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Senator PYJ, Which Way?

Atty Philip N. Wesseh (PNW)

I obtained a bachelor degree in Mass Communication, with honors from the University of
Liberia few years ago. Besides, I have been in the field of journalism, which is a subset of Mass communication for over 38 years. In fact, this month, May 2020, made me 37 years in mainstream journalism, especially the print. It was based on this that this week in a four-page article, that I reflected my entry into the profession and also some of those I interacted with or worked with in the newsroom, some of whom have leapfrogged into high positions in some fields or professions, not necessarily the journalism profession.

More importantly, I covered the three branches of the Liberian government as a reporter and editor for years and as such, I have a comprehensive understanding of the MODUS OPERANDI of these institutions as I reported on their activities, statements and comments of individuals in those branches. It is from this issue of comments and statements that I have decided to dwell on today.

In addition, I am aware how some people in high positions are held in high esteem by some members of the public or those they represent, like at the National Legislature. Some of these individuals command the respect of some members of the public and are also considered as role models or mentors.

My focus today would be that of Nimba County Senior Senator Prince Y. Johnson, concerning his relationship or support to President George Manneh Weah. But let me say that when I decided to do this piece, I was reminded of a candid advice from my late grandmother while growing up as a child in NYUAPANTOH, near Bishop Grandoe’s Church in the Borough of Kru Town.

I still recall that the old lady, perhaps foreseeing that I would be part of “LISTERNER,” as newspaper was referred to those days, said whenever I speak of older people or people in high places, I should be careful with my choice of words and dictions.

It is based on this as I embark on this journey today about this senator who is adored by his people, that I would try to pay heed to what my late grandmother told me so that her soul rest in peace. As such, comments or statements from them should be done in a way and manner that would not cause stir or confusion in the minds of the general.

On the issue at bar, as the lawyers would say; few days ago it was reported that Senator Prince Johnson said that he supported President George Weah for the Presidency because he knowingly and intentionally wanted the Liberian people to “SUFFER”. Interestingly, on Thursday morning, I was awakened to a LBS newscast that the same Senator who made damaging statement about the President, has again, renewed his support to the very President.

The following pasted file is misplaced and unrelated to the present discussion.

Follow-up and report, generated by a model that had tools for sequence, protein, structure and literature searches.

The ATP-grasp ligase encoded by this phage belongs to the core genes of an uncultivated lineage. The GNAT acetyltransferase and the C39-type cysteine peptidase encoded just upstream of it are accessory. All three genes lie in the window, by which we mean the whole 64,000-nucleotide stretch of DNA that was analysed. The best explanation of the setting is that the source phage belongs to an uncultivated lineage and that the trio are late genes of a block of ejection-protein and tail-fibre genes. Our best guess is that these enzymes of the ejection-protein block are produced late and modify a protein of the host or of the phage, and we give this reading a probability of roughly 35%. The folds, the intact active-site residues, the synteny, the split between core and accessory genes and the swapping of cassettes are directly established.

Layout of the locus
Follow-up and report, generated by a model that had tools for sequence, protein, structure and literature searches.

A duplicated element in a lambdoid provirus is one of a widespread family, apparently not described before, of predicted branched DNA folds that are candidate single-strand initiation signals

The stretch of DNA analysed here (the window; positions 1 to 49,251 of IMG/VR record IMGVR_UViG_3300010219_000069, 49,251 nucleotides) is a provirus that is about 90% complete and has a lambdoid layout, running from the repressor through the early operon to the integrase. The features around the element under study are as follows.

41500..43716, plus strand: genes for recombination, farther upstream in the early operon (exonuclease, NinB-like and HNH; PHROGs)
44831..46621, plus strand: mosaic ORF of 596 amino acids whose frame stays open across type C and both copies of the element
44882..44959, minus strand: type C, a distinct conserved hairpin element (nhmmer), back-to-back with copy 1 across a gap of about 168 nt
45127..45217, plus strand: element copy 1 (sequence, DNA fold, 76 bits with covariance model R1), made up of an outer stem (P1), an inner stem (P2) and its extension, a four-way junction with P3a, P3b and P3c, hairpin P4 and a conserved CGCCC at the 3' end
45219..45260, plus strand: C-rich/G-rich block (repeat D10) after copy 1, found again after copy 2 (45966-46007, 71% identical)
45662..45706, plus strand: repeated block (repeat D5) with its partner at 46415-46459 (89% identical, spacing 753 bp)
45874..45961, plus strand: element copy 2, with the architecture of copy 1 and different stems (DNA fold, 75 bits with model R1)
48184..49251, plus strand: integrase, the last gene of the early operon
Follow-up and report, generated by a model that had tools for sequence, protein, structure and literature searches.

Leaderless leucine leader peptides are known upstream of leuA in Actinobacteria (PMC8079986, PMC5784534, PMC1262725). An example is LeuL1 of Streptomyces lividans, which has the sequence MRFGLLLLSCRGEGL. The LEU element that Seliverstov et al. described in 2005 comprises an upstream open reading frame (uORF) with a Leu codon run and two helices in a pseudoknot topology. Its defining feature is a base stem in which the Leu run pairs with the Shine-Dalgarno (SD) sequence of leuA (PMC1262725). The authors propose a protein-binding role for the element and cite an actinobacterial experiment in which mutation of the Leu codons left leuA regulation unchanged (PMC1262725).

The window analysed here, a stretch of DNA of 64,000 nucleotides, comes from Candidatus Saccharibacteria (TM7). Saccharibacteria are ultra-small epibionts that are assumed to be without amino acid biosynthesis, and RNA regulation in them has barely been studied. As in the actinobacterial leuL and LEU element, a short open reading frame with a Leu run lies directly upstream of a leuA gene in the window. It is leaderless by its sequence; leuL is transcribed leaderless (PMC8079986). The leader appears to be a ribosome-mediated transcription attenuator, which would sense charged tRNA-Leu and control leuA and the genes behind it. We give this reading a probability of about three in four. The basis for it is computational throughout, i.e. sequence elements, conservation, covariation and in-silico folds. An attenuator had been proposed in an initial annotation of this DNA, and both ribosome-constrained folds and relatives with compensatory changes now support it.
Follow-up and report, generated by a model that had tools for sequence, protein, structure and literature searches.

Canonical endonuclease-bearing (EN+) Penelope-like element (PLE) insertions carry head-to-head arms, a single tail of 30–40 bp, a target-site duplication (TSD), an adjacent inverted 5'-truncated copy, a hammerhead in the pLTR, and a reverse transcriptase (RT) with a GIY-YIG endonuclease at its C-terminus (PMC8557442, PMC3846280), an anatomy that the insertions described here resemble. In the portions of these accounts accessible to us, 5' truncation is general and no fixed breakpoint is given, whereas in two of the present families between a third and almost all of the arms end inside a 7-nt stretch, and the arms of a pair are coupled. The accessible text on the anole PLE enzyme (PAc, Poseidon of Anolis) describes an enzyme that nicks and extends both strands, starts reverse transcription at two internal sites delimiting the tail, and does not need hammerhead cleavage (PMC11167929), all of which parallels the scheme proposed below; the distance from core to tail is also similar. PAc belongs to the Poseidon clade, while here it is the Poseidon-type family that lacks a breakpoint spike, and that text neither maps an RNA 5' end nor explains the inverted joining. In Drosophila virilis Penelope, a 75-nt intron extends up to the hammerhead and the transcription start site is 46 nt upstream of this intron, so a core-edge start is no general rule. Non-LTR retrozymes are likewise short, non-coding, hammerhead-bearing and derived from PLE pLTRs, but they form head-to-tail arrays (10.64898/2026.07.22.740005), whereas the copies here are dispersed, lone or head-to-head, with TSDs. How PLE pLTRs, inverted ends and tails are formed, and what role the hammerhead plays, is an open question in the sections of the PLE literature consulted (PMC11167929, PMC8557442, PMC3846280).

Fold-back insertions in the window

Frankly, it is this inconsistency on the part of the Senator that I, as a student of communication, I am concerned about. As it is said in Liberia, one cannot say one thing today and say another thing tomorrow.

Leaders who command the respect of some members of the public must be careful about what they put out for public consumption. It is an indisputable fact that this Senator, in view of the election results from his county, has a large following who can be moved to act whether positively or negatively by what he says or does. Public office is a serious institution, therefore, those who find themselves, like the Senator should be careful and mindful of what they say.

One does not need a rocket scientist to pinpoint the fact that the Senator’s campaign in his county helped to galvanize support for now President Weah over others in the county. Now to come out to say that he did this for the people to suffer, should be considered as the biggest betrayal on the part of any politician, as Senator Johnson finds himself today.

Sometimes some people say one should “not trust or rely on politician,” these are some of the things they take into consideration, which is mainly inconsistency for whatever reason. Certainly, I do not agree with this statement because there are politicians who can be trusted and are consistent.

To Senator Johnson, let me say, you are a ‘’big man’’ who commands respect in this society and whatever you say carries weight; therefore, let your yea be yea and your nay be nay.

I Rest My Case

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